Reducing the rate of carbon dioxide build-up in the atmosphere will be astoundingly difficult. Emissions must be cut drastically, but this will lead to a reduction of Sulphate aerosols in the atmosphere, which might cause temperatures to rise and more carbon to be emitted from biomass as droughts become more severe. The solution is to try the relatively easy route and then use geo-engineering as necessary. This involves huge societal changes, a more egalitarian society and a smaller global economy, but if it is not done almost everybody will die.

Secondly, a group of scientists needs to be formed under the authority of the United Nations to formulate geo-engineering technologies, to go together with cuts in emissions, to reduce the carbon dioxide content of the atmosphere, such as planting forests, and to cool the arctic to save the arctic sea ice.

The immediate priority is to accept the gravity of the situation and that all nations and peoples will co-operate to solve the problem.

These measures will give humanity a chance of saving civilization.

Thursday, September 19, 2013

Is the North Pole now ice-free?

Is the North Pole now ice-free? It could well be that, by the time you read this, there will be no ice left at all at the North Pole. The image below, created by Sam Carana from a nowcast from the Naval Research Laboratory, run on September 17, 2013 and valid for September 18, 2013, shows open water extending all the way to a spot very close to the North Pole.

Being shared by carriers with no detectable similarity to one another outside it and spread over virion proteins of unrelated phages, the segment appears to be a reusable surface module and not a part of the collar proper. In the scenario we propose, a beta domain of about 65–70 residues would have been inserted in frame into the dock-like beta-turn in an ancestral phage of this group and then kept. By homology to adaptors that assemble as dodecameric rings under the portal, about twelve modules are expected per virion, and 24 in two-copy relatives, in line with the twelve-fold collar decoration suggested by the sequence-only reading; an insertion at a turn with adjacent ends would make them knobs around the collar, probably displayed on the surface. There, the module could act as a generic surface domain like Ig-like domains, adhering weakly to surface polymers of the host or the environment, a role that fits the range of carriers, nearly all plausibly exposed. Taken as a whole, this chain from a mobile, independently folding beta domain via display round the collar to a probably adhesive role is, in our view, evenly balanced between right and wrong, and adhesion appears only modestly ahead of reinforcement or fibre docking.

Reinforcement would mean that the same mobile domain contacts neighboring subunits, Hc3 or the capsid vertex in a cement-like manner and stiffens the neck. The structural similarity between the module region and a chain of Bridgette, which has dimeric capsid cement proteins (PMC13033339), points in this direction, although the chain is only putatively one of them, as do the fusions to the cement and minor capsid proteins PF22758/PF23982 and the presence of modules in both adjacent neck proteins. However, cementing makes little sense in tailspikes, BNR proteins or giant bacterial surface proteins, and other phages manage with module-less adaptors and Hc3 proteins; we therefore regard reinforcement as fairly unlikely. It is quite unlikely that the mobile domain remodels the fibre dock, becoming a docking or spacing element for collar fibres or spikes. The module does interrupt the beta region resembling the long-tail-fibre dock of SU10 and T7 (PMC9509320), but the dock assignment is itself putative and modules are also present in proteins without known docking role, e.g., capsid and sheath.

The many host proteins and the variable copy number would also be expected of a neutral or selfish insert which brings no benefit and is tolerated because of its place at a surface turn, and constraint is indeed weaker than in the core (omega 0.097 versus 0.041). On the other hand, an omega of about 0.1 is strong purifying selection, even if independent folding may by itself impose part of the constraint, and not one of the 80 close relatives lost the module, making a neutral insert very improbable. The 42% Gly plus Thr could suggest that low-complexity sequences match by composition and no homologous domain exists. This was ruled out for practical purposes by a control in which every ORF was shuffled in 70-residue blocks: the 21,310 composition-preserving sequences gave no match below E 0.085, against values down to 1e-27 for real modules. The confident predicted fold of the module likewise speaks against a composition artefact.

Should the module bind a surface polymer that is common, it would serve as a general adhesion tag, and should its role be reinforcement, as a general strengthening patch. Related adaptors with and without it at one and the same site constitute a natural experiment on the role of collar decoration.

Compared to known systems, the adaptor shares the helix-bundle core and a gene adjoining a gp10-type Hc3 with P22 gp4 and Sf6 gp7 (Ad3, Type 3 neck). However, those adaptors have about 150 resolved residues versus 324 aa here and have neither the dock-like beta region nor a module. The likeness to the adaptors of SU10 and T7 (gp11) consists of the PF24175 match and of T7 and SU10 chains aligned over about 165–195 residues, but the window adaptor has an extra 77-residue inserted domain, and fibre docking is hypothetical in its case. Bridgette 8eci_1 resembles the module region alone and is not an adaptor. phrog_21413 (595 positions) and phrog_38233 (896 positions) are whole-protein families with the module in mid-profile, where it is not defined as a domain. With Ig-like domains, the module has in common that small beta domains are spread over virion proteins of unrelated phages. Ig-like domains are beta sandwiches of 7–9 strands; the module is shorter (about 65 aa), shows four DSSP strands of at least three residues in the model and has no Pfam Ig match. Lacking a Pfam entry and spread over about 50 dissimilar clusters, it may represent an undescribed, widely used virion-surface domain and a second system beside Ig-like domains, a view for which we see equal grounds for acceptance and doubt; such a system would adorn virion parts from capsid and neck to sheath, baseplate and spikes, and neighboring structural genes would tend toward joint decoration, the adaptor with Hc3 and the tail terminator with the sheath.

As the color indicates, sea ice thickness in this area is virtually zero (i.e. ice-free). This development of an ice-free area at the North Pole has been discussed in earlier posts such as:
  • Arctic sea ice thickness falls by 2m in 21 days in some areas (June 13, 2013)
  • Open Water In Areas Around North Pole (June 22, 2013), describing areas around the North Pole where sea ice thickness had fallen to virtually zero, i.e. open water. 
  • Open Water at North Pole (July 22, 2013), descibing a wide corridor that had developed with very thin ice between the North Pole and Siberia. The post added that surface water on top of this thin ice could extend along this corridor, all the way from the North Pole to edge of the ice, in which case the surface water effectively becomes part of open water.
  • North Hole (September 2, 2013), describing areas close to the North Pole where ice volume had fallen to virtually zero, while pointing at how devastating the impact of sea surface temperature anomalies can be. 
This sea ice thinning in areas close to the North Pole has been one of the most important developments in 2013. Yet, many people keep watching sea ice extent.

Why was Arctic sea ice not smaller in extent in 2013 than in 2012?

The comparison below shows both volume and the extent of the sea ice for the same day in 2013 (left), respectively 2012 (right). Natural variability can make Arctic sea ice slightly smaller or larger than projected. There are many factors that influence things from year to year, such as weather conditions, sea currents and temperatures of the water in the Atlantic and Pacific Oceans; some factors are discussed in more detail below.

The above comparison shows a lot more ice north of Alaska in 2013 (above left) than in 2012 (above right). The comparison below shows that salinity levels in the Beaufort Sea were lower in 2013 (below left) than in 2012 (below right).

Seawater typically has a salinity level of over 3%; it freezes at about −2°C (28°F). Where mixing occurs with fresh water runoff from melting glaciers and permafrost, the water in the Arctic Ocean can become substantially less saline. Other substances added to the water, such as sand, can also cause a freezing point drop. The freezing and melting point of fresh water (i.e. zero salinity) is 0°C (or 32°F).  Less salinity means the water will remain frozen until the temperature reaches levels closer to 0°C.